In Iqbal, the Supreme Court concluded that government officials cannot be held liable for the acts of their subordinates on a respondeat superior theory, and that plaintiffs instead "must plead that each Government-official defendant, through his own individual actions, has violated the Constitution." 556 U.S. at 676. Since then, several judges in this District have interpreted Iqbal to render all but the first and third of the Colon factors inapplicable when determining supervisory liability. See e.g., Bellamy v. Mount Vernon Hosp., No. 07 Civ. 1801 (SAS), 2009 WL 1835939, at *6 (S.D.N.Y. June 26, 2009) ("Only the first and part of the third Colon categories pass Iqbal's muster."); see also Grullon v. City of New Haven, 720 F.3d 133, 139 (2d Cir. 2013) (noting that Iqbal "may have heightened the requirements for showing a supervisor's personal involvement with respect to certain constitutional violations") (emphasis added). Of late, however, most judges have continued to apply Colon in its entirety, since there is no clear direction from a higher court to the contrary. See Mercier v. Kelly, No. 10-CV-7951 (ALC) (JCF), 2013 WL 4452486, at *6 (S.D.N.Y. Aug. 19, 2013) (quoting Shepherd v. Powers, No. 11 Civ. 6860, 2012 WL 4477241, at *10 (S.D.N.Y. Sept. 27, 2012)) ("[T]he apparent majority view [is] that where, as here, the constitutional claim does not require a showing of discriminatory intent, ... the personal involvement analysis set forth in Colon... may still apply.") (internal quotation marks omitted; first ellipsis in original). For purposes of this Report and Recommendation, I will follow the majority, whose reading of Iqbal is the most helpful to Ciaprazi's case.

1. Counts One and Two

Ciaprazi alleges that on August 7, 2012, he sent Fischer a formal complaint describing the unconstitutional conditions of confinement in Building 5. (Am. Compl. ¶ 57). Although Fischer did not respond, Martuscello did so on Fischer's behalf, addressing Ciaprazi's concerns but denying the relief Ciaprazi requested. (Id. ¶ 58; see Ex. 2). Even under Colon, "[a] supervisory official is not deemed to have been personally involved solely by virtue of having received a letter or complaint from a prisoner and having referred it to the appropriate department for investigation." Phillip v. Schriro, No. 12-cv-8349 (RA), 2014 WL 4184816, at *5-6 (S.D.N.Y. Aug. 22, 2014) (collecting cases); see also Goris v. Breslin, 402 Fed.App'x. 582, 584 (2d Cir. 2010) (personal involvement requirement not met where supervisory official's involvement was limited to referring letters of complaint to appropriate subordinates for investigation); Mateo v. Fischer, 682 F.Supp.2d 423, 430 (S.D.N.Y. 2010) ("If courts found personal involvement every time a supervisor forwarded a complaint to a subordinate, the requirement would lose all meaning.").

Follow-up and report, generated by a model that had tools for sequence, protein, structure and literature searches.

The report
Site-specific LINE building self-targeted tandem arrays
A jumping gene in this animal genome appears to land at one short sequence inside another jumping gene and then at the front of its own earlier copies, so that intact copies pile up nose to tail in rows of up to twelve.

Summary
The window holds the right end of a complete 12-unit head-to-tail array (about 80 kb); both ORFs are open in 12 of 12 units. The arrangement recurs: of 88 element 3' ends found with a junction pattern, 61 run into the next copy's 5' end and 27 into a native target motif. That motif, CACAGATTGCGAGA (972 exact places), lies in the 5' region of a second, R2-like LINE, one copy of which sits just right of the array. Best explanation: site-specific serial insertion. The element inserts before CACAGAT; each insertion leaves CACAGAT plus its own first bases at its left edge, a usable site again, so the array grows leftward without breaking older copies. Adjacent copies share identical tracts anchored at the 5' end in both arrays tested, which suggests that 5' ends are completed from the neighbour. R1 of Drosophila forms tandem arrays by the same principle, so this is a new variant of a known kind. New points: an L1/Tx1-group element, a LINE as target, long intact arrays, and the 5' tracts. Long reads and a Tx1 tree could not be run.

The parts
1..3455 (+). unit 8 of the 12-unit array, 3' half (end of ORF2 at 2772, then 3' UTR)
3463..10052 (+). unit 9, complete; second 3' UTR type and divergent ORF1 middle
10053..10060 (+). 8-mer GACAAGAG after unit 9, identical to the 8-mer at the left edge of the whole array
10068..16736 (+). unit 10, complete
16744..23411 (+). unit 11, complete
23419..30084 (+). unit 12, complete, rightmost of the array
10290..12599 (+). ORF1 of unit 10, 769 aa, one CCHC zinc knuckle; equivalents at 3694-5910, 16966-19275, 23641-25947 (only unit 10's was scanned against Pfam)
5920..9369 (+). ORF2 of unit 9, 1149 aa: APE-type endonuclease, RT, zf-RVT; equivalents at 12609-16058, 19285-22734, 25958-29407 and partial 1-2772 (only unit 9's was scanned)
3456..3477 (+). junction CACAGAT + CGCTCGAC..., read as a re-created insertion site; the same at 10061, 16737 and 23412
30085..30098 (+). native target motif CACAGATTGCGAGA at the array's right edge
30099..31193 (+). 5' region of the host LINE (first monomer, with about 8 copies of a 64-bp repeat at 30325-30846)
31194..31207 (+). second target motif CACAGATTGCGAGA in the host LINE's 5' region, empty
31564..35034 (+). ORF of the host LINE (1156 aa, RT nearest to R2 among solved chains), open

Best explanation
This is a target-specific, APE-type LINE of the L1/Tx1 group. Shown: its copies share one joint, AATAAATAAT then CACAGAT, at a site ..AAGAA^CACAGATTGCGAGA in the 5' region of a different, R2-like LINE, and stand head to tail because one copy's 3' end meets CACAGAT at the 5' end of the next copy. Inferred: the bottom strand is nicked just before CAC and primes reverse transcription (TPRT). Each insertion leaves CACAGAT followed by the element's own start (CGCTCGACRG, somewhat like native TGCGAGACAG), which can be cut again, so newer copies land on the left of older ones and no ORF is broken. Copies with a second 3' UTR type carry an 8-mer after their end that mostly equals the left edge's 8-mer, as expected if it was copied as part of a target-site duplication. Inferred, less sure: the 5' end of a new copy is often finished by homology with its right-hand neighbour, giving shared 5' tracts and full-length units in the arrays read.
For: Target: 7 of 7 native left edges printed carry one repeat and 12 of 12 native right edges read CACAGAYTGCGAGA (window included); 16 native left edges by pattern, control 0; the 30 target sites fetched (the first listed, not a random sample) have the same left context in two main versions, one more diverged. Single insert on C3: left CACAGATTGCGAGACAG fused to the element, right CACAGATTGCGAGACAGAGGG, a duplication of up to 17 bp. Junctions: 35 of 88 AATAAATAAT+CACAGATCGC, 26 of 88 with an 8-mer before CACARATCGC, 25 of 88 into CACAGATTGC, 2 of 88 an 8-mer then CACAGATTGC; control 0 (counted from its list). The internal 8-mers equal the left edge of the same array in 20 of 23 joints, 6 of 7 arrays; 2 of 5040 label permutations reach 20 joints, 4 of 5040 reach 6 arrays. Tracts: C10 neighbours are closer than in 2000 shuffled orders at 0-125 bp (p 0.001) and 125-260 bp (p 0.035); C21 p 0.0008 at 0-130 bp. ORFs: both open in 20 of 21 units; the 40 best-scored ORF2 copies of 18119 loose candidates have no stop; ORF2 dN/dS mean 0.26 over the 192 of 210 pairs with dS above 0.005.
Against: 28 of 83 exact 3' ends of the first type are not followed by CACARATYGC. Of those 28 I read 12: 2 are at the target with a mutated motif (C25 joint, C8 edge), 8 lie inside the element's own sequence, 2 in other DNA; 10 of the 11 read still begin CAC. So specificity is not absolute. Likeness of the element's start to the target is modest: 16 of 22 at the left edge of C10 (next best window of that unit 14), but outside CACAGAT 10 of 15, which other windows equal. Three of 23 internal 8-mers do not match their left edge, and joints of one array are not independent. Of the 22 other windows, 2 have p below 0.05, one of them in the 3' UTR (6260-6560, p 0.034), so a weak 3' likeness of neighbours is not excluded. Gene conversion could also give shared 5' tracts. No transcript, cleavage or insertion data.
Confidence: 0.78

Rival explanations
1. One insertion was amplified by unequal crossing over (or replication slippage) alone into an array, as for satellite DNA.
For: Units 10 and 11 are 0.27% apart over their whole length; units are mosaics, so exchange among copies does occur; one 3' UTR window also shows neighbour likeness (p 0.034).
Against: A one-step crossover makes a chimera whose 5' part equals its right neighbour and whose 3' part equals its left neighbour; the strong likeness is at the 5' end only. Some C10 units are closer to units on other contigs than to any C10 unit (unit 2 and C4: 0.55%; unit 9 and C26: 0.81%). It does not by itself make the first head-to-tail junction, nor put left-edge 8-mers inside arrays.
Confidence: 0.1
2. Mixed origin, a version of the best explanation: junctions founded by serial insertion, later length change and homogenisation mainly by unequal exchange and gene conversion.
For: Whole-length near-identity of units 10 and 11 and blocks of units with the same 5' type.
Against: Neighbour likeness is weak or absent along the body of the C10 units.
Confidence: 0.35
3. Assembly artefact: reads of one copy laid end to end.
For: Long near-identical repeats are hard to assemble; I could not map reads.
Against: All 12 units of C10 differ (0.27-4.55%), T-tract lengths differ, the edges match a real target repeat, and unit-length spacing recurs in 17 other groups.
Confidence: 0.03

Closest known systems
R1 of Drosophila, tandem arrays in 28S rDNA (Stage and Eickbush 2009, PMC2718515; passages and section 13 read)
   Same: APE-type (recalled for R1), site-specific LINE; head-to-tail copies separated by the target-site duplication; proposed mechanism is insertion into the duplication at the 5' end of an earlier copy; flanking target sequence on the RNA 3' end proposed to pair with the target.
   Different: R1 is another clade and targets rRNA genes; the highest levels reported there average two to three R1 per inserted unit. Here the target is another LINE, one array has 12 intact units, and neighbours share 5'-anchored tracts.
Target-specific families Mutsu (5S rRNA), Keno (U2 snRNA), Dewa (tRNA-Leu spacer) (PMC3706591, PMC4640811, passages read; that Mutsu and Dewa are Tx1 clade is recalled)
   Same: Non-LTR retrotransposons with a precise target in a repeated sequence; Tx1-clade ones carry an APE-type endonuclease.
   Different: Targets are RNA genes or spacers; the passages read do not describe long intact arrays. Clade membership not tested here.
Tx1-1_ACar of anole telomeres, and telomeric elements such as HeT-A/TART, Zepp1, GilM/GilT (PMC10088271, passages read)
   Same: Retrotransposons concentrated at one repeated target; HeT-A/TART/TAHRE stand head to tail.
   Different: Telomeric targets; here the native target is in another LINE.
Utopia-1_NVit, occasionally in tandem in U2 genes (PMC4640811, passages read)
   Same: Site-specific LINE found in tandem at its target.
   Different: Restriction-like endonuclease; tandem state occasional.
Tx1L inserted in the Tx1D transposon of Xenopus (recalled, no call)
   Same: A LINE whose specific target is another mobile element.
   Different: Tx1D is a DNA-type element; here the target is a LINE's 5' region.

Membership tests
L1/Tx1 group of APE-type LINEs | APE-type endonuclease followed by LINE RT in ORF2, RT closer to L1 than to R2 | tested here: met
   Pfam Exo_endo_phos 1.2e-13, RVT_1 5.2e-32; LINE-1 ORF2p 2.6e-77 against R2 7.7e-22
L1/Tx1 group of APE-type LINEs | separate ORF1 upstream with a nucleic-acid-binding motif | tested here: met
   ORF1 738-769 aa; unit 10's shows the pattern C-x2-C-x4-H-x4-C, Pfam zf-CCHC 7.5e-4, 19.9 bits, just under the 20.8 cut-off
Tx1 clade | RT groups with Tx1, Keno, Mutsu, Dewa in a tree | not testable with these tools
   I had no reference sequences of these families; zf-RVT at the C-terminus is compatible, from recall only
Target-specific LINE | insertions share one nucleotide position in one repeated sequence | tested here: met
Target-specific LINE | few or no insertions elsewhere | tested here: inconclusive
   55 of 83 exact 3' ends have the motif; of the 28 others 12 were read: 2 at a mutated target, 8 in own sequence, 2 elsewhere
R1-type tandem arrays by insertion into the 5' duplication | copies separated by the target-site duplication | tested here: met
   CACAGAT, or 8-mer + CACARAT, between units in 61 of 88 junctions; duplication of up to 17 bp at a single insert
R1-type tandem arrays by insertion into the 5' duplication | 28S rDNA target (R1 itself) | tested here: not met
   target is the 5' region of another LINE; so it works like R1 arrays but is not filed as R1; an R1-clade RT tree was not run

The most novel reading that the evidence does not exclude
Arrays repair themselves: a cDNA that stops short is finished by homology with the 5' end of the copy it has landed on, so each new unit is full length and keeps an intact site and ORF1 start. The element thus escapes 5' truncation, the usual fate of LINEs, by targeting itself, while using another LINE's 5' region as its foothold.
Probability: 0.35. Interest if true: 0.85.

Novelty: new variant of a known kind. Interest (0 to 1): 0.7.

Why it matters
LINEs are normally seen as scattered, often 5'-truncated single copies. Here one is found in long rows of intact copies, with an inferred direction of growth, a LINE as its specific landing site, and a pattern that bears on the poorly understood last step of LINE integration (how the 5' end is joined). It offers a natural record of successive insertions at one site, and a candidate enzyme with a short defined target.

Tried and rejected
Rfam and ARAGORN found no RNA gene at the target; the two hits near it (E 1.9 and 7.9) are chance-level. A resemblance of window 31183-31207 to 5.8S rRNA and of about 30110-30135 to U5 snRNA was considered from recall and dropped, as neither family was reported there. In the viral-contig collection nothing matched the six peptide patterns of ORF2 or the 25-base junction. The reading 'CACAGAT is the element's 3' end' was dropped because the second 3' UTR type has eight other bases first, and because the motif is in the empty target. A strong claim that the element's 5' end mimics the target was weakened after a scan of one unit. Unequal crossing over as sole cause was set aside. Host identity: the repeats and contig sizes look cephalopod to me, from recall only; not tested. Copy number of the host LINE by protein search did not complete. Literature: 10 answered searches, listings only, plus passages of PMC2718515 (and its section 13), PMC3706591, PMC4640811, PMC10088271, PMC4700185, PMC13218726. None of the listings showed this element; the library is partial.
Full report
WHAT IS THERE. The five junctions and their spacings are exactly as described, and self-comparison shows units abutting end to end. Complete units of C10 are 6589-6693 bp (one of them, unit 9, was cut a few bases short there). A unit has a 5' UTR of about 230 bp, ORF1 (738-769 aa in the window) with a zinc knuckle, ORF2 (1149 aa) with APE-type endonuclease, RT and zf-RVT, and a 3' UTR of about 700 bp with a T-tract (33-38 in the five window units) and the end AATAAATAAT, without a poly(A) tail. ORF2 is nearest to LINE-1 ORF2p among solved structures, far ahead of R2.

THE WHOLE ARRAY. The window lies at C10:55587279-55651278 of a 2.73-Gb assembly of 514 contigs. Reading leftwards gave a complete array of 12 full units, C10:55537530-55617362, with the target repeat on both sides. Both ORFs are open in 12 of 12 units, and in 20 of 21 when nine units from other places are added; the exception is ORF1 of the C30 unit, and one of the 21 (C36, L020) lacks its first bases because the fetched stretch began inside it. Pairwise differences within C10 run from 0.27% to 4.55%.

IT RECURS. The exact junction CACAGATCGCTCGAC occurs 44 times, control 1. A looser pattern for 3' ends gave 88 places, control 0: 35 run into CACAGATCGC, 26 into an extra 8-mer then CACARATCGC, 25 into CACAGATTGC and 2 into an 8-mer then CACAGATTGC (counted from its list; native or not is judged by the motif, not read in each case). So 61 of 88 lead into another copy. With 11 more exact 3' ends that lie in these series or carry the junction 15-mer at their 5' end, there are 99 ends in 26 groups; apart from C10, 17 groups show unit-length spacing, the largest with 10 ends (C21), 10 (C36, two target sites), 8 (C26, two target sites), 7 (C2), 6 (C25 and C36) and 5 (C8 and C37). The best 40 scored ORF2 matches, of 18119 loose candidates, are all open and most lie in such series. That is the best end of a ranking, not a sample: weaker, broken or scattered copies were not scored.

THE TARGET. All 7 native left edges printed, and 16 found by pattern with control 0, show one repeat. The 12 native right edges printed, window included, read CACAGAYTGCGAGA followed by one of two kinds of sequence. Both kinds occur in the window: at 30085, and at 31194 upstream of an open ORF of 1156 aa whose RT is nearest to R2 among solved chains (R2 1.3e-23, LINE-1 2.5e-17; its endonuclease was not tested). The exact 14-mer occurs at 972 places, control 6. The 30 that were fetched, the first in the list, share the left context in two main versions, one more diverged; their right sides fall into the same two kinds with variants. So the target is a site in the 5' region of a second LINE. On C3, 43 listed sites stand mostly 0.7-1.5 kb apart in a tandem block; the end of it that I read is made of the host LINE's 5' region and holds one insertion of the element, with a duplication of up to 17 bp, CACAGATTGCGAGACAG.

Accordingly, because Ciaprazi acknowledges that Fischer referred his letter to Martuscello, his allegations regarding Fischer's personal involvement are, as a matter of law, insufficient to state a Section 1983 claim. (See Pl.'s Opp. at 11). Ciaprazi's related contention that Fischer's decision to forward his complaint to Martuscello was itself unreasonable because Martuscello ultimately failed to remedy the problem is equally meritless. (See id. at 10). Absent a plausible basis to believe that Fischer knew that Martuscello failed to take reasonable action, the attempt to hold Fischer responsible is nothing more than a veiled attempt to invoke respondeat superior. Indeed, the case law cited by Ciaprazi in support of this aspect of his claim only addresses circumstances in which a supervisory official is aware of wrongful conduct by his subordinates but fails to take reasonable action. (See Pl.'s Opp. at 10 (citing Taylor v. Michigan Dep't of Corr., 69 F.3d 76, 80 (6th Cir. 1995), and LaMarca v. Turner, 995 F.2d 1526, 1537 (11th Cir. 1993))). Ciaprazi has not plausibly alleged that this is what occurred here.